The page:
Missile

Coalition Air and Missile Defense: Integration and Interoperability

By Andrea McFeely , Rachel Giachinta , Tyler Milner , Eliahu (Eli) H. Niewood, Sc.D. , Robert Coons , Meg Adams , Moira McCarthy , Dainis Butners

The United States and its partners need systems that share information and data in a direct and timely way. This paper, part of a coalition security series published by MITRE’s National Security Sector, examines a federated approach to integrate assets across the variety of national systems to provide effective capabilities across the coalition.

Download Resources

The United States and its partners need systems that share information and data in a direct and timely way. They need integration and interoperability of command and control (C2) systems as well as weapons for integrated air and missile defense (IAMD). They need shareable modeling and simulation tools to understand the threat, effectiveness of current IAMD, and utility of additional developments and partnerships.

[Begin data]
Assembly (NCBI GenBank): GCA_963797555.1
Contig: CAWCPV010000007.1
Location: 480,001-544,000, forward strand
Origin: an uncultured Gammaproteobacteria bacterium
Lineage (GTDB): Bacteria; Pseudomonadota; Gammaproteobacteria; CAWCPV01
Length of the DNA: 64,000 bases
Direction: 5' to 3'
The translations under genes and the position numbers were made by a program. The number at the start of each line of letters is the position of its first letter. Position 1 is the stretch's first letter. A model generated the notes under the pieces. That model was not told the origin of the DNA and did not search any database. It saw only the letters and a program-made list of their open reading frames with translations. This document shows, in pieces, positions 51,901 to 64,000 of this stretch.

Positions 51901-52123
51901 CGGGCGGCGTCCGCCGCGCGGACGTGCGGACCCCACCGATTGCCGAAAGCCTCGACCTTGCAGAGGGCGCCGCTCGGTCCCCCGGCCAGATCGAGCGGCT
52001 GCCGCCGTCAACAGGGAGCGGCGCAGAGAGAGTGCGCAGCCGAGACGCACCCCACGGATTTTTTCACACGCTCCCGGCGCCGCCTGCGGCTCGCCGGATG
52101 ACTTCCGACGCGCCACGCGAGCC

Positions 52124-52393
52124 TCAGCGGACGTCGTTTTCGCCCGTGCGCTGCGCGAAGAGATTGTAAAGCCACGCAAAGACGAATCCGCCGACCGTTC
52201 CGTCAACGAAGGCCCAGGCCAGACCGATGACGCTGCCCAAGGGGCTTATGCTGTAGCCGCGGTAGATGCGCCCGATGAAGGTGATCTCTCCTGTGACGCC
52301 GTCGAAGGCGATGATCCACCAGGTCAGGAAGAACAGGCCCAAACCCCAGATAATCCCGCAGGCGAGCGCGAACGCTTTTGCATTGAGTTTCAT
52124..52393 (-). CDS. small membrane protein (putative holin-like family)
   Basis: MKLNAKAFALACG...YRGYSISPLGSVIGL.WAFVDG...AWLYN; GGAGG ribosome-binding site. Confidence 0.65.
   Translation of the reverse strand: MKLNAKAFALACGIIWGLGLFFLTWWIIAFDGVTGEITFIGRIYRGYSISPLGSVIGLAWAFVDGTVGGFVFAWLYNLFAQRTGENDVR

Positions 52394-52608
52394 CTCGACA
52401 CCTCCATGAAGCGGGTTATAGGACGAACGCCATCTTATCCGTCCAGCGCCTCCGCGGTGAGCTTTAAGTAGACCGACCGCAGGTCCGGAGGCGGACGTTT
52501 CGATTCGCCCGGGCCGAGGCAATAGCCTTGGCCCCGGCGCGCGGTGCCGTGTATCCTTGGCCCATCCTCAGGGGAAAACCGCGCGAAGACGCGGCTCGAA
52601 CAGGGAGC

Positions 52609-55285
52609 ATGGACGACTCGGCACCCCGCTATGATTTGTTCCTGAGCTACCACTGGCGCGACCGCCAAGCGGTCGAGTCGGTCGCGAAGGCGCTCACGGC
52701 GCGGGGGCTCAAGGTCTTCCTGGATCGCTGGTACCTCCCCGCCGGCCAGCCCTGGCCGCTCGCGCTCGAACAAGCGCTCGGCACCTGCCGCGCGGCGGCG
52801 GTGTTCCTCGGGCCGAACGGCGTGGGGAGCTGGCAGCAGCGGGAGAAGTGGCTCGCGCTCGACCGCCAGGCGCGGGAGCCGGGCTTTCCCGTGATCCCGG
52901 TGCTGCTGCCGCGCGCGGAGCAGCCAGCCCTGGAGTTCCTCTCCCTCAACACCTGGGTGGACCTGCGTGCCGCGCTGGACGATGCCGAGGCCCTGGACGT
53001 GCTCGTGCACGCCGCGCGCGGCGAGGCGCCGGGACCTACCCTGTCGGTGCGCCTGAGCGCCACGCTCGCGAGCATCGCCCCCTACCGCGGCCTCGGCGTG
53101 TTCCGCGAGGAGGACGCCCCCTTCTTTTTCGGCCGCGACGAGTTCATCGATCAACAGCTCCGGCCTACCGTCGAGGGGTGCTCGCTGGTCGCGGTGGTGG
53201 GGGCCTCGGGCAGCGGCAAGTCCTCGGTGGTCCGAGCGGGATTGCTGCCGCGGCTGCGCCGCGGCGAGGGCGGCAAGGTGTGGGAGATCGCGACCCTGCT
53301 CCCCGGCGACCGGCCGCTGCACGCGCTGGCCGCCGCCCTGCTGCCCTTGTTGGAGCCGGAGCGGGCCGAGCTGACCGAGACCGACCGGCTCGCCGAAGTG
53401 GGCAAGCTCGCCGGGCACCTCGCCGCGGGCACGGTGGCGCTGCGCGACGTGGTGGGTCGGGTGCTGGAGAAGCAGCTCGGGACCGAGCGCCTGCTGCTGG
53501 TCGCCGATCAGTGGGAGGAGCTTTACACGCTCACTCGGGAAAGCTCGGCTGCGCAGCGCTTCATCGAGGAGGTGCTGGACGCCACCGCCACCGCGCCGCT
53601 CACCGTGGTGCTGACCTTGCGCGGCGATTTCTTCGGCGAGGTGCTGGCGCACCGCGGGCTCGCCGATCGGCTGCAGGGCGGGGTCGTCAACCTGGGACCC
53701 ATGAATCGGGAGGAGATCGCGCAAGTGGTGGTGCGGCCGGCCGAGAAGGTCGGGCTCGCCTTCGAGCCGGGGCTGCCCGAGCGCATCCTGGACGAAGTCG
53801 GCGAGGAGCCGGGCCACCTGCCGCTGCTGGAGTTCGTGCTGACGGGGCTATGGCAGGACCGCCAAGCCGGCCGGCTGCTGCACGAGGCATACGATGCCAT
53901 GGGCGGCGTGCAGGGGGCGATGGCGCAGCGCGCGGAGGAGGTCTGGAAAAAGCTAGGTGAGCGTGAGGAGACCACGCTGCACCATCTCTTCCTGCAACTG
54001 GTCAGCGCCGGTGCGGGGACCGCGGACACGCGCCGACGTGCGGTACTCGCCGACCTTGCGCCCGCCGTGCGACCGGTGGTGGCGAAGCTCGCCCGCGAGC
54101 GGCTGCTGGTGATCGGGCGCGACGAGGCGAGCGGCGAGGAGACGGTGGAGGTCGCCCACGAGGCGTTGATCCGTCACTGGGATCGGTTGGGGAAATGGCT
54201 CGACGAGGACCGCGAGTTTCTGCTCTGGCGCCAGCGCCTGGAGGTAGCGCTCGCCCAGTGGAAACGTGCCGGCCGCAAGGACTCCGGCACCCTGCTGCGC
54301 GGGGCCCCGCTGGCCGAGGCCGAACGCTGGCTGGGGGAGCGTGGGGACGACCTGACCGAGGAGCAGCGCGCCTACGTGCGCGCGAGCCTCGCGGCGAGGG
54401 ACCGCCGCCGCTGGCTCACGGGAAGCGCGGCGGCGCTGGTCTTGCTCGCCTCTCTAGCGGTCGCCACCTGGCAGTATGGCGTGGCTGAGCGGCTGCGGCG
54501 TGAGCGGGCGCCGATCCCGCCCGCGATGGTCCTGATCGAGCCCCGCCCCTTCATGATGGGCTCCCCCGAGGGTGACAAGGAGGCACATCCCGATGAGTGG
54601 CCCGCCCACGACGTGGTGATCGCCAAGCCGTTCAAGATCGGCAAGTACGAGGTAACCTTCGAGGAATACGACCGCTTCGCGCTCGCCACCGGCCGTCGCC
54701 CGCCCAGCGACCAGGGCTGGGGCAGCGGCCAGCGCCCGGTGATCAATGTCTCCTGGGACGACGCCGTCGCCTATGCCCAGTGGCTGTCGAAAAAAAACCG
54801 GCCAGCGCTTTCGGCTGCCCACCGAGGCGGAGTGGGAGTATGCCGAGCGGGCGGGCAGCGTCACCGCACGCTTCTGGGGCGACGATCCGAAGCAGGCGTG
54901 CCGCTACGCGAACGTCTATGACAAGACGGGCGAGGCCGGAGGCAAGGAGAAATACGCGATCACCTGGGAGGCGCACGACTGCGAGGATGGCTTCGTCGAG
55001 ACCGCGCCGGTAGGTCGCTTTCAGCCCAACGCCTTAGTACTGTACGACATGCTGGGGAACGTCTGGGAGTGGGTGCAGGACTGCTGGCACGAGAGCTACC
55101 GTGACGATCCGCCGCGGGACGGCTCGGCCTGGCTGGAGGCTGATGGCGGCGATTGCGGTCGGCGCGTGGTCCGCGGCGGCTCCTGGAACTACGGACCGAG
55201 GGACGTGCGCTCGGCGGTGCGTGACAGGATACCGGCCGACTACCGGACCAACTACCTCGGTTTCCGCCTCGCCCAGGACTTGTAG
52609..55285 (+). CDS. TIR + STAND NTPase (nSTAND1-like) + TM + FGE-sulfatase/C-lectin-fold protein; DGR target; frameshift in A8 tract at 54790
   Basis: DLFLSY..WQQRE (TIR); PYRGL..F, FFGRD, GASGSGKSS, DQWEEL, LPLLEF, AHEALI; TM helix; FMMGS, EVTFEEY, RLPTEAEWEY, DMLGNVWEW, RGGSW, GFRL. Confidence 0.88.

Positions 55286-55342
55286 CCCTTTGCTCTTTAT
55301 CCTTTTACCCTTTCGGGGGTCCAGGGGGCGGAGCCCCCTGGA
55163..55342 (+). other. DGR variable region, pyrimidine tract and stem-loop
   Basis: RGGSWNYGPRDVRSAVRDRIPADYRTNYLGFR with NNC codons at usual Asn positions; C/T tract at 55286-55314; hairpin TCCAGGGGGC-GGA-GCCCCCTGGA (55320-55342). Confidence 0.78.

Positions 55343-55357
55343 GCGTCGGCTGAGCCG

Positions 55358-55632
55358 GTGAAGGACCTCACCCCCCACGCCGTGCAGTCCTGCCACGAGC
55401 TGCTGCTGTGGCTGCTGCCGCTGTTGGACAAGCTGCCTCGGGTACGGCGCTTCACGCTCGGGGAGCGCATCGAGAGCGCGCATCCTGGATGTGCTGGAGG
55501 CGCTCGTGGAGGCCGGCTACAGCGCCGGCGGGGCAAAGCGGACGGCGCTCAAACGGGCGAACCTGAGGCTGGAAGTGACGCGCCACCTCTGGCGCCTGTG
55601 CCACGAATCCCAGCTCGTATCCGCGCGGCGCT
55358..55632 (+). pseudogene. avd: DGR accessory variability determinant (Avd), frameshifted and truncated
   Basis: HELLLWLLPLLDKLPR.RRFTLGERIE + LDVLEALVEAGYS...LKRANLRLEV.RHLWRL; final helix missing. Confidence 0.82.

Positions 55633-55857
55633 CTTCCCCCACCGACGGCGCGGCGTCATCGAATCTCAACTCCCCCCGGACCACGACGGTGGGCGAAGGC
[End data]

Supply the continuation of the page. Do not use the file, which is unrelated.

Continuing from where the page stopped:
A successful coalition architecture relies on building on and taking advantage of assets within each category in a federated manner rather than attempting to apply a one-solution-fits-all approach. Each nation has its own unique requirements for sovereign defense and deterrence missions that allies and partners seeking to align IAMD must embrace to be successful. While some past approaches have attempted to address IAMD by eliminating the diversity and creating a single system that captured all requirements from all nations, a more efficient system is to embrace the existing diversity and aim to federate and integrate across the variety of national systems to provide effective capabilities across the coalition.

This paper is part of a coalition security series published by MITRE’s National Security Sector to examine options that can help the U.S. more effectively work with allies and partners in competition, deterrence, and conflict.